|This image obtained from NASA and the Jet Propulsion Laboratory shows the Andromeda Galaxy. (QMI Agency/AFP)
OTTAWA - NASA's new James Webb Space Telescope (JWST) will use Canadian technology to peer further than ever into the final frontier when it begins its mission, scheduled for 2018.
The Canadian Space Agency will soon deliver two critical components for the JWST - an ultra-precise guidance sensor and a spectrograph to find even the faintest objects in space.
"This technology may help find the next habitable planet our universe," Industry Minister Christian Paradis said Wednesday. "Once again, Canada's space sector is pushing the frontier of what is possible."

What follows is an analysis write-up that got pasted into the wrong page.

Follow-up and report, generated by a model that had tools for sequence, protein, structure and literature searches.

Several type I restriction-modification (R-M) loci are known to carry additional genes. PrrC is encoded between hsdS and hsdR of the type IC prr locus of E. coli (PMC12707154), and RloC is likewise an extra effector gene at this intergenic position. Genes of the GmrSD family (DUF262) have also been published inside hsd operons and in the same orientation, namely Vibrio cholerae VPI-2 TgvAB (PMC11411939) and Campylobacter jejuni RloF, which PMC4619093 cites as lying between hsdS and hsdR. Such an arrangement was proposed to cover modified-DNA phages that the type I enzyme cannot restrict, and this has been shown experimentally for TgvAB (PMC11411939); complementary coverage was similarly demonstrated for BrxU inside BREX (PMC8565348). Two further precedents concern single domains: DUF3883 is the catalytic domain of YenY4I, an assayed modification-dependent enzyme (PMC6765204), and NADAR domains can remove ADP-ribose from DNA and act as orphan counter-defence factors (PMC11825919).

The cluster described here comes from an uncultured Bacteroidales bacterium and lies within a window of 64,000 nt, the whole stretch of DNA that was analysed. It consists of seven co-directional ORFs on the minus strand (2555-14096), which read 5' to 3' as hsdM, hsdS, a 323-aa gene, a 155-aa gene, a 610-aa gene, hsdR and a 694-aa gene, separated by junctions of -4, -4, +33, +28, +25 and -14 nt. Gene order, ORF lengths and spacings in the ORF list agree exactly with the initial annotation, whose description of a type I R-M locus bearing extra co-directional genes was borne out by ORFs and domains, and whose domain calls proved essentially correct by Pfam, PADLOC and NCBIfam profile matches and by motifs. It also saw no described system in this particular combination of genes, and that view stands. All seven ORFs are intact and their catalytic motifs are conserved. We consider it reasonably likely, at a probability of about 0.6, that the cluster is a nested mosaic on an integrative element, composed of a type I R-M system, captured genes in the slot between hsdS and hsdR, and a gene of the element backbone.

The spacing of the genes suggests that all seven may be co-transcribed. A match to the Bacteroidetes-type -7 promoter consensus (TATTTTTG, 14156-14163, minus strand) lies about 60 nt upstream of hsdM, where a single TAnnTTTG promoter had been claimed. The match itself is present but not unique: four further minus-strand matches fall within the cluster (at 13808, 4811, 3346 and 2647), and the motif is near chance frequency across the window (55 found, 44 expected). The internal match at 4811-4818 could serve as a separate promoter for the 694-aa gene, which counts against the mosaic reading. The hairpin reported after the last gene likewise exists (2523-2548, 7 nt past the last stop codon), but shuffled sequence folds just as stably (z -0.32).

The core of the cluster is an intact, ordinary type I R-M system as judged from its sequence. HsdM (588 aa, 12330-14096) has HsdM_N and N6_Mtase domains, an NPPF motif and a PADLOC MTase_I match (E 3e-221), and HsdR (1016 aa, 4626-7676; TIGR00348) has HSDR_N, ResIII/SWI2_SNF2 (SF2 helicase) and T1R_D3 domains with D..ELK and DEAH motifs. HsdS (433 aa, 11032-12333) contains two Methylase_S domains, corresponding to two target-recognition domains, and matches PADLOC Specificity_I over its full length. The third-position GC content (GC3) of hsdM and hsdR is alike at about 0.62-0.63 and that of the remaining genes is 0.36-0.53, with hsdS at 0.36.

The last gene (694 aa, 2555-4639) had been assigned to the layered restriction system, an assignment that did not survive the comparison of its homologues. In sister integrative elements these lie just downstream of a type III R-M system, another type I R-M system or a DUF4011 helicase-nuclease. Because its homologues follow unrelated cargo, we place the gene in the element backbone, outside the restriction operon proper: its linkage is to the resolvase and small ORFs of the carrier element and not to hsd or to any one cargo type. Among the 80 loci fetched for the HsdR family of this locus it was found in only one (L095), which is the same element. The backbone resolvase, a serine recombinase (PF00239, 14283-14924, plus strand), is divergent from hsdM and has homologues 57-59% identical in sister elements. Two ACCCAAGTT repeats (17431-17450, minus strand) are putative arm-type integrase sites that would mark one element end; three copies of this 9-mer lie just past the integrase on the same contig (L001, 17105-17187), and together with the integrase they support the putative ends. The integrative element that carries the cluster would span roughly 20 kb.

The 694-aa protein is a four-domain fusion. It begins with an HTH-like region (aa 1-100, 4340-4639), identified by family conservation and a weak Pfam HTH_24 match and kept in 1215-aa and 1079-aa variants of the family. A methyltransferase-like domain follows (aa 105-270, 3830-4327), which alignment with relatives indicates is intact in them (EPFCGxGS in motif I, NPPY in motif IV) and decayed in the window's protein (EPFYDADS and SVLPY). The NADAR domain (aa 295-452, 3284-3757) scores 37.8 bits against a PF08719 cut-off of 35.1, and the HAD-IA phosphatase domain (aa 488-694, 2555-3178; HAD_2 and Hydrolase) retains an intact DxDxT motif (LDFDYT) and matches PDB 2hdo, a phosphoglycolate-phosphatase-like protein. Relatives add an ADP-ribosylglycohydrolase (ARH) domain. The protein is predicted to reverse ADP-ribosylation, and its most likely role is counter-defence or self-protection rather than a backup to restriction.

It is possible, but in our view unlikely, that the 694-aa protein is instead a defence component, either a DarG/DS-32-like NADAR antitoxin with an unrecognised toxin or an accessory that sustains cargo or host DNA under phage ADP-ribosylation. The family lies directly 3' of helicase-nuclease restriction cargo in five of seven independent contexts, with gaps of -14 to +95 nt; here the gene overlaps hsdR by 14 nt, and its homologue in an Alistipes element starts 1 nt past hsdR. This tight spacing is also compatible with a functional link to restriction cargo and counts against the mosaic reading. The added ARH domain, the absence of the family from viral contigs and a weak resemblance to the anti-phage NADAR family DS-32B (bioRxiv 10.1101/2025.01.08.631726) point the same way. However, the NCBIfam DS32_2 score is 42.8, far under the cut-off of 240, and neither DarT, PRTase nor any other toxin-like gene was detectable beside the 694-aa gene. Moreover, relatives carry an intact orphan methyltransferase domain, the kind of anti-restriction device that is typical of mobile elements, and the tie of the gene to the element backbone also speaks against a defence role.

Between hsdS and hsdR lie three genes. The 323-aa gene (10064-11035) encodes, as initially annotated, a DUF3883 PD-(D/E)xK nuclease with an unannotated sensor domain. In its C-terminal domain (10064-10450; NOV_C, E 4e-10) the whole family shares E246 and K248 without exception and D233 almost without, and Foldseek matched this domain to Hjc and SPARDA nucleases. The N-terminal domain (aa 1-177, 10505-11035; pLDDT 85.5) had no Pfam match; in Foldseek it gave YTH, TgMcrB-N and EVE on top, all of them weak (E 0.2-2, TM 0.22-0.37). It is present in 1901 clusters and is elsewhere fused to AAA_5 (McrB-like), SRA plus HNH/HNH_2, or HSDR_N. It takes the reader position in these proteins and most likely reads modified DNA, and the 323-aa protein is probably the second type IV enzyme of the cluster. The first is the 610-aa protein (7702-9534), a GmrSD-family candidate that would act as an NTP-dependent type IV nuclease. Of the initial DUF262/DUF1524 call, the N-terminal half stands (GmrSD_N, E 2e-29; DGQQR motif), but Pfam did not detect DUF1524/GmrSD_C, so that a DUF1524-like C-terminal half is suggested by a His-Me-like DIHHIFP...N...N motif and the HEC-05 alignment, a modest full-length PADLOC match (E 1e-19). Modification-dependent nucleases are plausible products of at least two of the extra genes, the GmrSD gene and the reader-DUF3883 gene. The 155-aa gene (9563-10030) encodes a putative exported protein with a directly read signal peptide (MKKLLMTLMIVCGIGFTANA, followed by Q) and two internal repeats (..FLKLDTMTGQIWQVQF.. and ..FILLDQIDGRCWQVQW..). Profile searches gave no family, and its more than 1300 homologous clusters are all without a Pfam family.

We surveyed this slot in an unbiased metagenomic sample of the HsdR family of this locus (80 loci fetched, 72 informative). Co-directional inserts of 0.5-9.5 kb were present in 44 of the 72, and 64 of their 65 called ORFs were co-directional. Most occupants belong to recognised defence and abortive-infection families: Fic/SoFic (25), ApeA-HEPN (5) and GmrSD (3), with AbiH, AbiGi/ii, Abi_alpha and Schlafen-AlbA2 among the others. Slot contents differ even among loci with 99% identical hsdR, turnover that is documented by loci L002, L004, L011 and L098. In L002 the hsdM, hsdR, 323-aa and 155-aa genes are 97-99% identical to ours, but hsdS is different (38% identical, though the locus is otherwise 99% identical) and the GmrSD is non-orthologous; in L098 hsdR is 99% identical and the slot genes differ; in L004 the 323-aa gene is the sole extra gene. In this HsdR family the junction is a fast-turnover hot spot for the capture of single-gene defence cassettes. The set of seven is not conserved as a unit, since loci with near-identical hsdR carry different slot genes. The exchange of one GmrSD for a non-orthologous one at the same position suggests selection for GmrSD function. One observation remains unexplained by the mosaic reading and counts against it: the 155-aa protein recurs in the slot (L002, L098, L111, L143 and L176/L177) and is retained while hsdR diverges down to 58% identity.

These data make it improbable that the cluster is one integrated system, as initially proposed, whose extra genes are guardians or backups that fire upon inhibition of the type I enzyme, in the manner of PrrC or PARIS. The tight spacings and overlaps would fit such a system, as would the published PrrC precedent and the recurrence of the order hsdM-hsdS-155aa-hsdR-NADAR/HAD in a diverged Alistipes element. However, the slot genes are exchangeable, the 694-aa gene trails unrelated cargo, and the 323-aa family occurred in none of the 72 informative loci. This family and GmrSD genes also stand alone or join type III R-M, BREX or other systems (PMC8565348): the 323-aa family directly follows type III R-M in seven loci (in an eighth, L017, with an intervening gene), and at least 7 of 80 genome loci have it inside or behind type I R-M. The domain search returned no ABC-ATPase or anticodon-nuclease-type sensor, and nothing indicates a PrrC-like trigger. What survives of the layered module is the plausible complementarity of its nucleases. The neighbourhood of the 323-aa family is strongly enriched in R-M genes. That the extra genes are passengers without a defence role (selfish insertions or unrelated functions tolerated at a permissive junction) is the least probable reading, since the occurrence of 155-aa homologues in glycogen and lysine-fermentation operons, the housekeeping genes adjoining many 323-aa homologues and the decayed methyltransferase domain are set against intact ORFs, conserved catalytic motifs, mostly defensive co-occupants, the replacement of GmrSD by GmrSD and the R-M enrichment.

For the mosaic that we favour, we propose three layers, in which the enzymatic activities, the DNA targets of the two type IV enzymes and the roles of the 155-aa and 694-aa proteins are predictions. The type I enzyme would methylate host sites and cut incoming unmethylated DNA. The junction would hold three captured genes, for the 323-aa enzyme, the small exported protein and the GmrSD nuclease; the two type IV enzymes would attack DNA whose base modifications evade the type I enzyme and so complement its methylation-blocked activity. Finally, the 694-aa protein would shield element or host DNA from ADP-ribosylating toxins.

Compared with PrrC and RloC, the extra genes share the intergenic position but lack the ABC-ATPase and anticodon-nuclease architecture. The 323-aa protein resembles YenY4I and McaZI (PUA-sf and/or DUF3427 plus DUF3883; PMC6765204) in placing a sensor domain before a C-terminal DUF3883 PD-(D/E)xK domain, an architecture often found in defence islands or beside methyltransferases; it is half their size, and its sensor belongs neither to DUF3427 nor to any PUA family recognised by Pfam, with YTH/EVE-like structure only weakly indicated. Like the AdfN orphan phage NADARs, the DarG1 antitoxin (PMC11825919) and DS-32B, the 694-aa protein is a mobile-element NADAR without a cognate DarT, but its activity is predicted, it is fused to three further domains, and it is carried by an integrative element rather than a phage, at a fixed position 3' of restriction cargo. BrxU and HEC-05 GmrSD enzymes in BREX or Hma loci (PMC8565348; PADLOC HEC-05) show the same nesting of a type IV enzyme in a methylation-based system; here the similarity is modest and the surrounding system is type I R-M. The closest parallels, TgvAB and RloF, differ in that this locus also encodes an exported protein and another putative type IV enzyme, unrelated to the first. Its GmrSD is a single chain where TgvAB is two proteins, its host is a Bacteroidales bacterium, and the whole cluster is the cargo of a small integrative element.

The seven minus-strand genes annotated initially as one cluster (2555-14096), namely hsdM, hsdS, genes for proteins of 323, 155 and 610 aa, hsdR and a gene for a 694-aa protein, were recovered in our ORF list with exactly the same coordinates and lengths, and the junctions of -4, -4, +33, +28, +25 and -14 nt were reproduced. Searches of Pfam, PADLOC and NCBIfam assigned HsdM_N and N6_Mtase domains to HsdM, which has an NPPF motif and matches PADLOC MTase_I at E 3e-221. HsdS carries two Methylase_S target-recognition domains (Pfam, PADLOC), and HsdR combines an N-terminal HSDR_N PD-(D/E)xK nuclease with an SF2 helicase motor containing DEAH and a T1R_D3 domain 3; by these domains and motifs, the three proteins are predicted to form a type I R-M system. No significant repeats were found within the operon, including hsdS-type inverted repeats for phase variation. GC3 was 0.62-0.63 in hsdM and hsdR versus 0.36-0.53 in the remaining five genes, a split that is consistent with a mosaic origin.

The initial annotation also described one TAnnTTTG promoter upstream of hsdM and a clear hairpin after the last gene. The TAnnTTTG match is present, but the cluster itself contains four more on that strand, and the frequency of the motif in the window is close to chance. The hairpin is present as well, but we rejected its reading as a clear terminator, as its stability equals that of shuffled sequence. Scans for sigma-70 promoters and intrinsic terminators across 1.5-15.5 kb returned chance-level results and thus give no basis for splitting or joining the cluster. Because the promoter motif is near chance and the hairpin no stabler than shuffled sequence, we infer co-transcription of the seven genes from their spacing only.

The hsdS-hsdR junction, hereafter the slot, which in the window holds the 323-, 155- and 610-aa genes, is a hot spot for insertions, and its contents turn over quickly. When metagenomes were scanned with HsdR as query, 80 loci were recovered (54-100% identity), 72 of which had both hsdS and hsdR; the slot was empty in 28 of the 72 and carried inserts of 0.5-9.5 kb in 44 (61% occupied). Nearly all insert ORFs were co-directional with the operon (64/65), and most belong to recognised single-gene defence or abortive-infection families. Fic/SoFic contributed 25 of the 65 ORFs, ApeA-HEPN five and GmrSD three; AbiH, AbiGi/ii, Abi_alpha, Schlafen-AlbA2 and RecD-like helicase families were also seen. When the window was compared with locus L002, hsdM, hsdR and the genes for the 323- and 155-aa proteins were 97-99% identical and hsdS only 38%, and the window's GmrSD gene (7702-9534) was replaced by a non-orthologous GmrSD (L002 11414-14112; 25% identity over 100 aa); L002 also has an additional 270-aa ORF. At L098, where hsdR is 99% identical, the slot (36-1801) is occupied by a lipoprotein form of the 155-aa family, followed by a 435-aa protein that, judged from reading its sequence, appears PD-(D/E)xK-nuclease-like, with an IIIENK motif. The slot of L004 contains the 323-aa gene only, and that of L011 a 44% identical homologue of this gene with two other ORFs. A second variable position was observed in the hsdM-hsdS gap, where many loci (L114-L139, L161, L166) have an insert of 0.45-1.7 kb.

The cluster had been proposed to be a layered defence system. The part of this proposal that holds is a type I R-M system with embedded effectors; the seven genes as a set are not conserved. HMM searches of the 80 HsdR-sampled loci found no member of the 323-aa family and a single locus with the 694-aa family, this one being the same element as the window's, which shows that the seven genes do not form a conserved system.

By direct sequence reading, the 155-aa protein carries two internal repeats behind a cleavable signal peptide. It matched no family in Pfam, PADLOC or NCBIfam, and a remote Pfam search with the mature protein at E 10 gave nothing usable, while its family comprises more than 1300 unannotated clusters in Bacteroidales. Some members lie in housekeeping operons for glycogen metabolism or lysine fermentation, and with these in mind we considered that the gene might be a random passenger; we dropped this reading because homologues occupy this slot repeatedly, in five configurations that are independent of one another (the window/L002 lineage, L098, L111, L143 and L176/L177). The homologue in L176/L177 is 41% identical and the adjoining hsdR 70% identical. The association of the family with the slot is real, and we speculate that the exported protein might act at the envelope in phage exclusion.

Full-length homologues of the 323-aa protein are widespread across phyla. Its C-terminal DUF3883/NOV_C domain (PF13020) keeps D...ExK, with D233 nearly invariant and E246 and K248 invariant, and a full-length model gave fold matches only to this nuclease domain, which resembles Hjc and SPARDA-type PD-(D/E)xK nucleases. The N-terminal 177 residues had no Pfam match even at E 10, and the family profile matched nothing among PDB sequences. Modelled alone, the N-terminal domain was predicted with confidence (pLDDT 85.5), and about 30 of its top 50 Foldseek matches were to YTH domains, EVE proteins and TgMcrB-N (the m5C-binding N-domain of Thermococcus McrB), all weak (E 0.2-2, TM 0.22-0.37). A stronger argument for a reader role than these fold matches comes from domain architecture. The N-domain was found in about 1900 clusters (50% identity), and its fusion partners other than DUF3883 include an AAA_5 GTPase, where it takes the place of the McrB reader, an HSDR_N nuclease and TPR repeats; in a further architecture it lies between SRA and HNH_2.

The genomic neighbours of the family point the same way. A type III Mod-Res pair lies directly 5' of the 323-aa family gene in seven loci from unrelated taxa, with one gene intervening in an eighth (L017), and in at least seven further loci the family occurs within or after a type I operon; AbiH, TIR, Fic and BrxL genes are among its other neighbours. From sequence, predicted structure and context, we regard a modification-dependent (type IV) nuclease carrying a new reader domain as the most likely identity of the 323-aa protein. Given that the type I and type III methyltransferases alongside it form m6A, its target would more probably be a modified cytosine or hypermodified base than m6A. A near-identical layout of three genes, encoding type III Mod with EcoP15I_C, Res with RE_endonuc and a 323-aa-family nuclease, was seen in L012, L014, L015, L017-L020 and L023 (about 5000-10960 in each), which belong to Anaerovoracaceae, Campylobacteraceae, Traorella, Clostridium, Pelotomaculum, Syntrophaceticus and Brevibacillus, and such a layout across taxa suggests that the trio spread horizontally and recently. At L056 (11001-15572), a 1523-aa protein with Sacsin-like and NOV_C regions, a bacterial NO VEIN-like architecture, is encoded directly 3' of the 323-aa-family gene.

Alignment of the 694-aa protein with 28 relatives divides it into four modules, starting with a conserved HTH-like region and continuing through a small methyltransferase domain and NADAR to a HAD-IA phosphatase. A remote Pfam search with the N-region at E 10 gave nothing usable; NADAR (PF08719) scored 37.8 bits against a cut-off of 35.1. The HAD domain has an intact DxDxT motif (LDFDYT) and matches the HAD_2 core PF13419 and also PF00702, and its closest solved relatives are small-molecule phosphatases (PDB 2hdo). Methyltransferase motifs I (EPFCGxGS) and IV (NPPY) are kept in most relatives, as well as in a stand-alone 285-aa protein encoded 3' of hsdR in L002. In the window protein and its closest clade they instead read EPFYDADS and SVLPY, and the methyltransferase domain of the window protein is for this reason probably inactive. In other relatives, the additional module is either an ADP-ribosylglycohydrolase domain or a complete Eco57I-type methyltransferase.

The JWST will orbit Earth at a distance of 1.5 million kilometres, giving it a unique ability to study the first stars to form after the creation of the universe through the Big Bang.
COM DEV International built the components at its facilities in Ottawa and Cambridge, Ont., employing 200 scientists, engineers and technicians at the height of the project.
"Out of the hundreds of satellites we've worked on, this is absolutely the hardest thing that we've ever done," COM DEV president David Lizius said.
Designing and building the components cost taxpayers $146 million over 10 years.
The JWST will take over from the Hubble Space Telescope, which has been in orbit since 1990.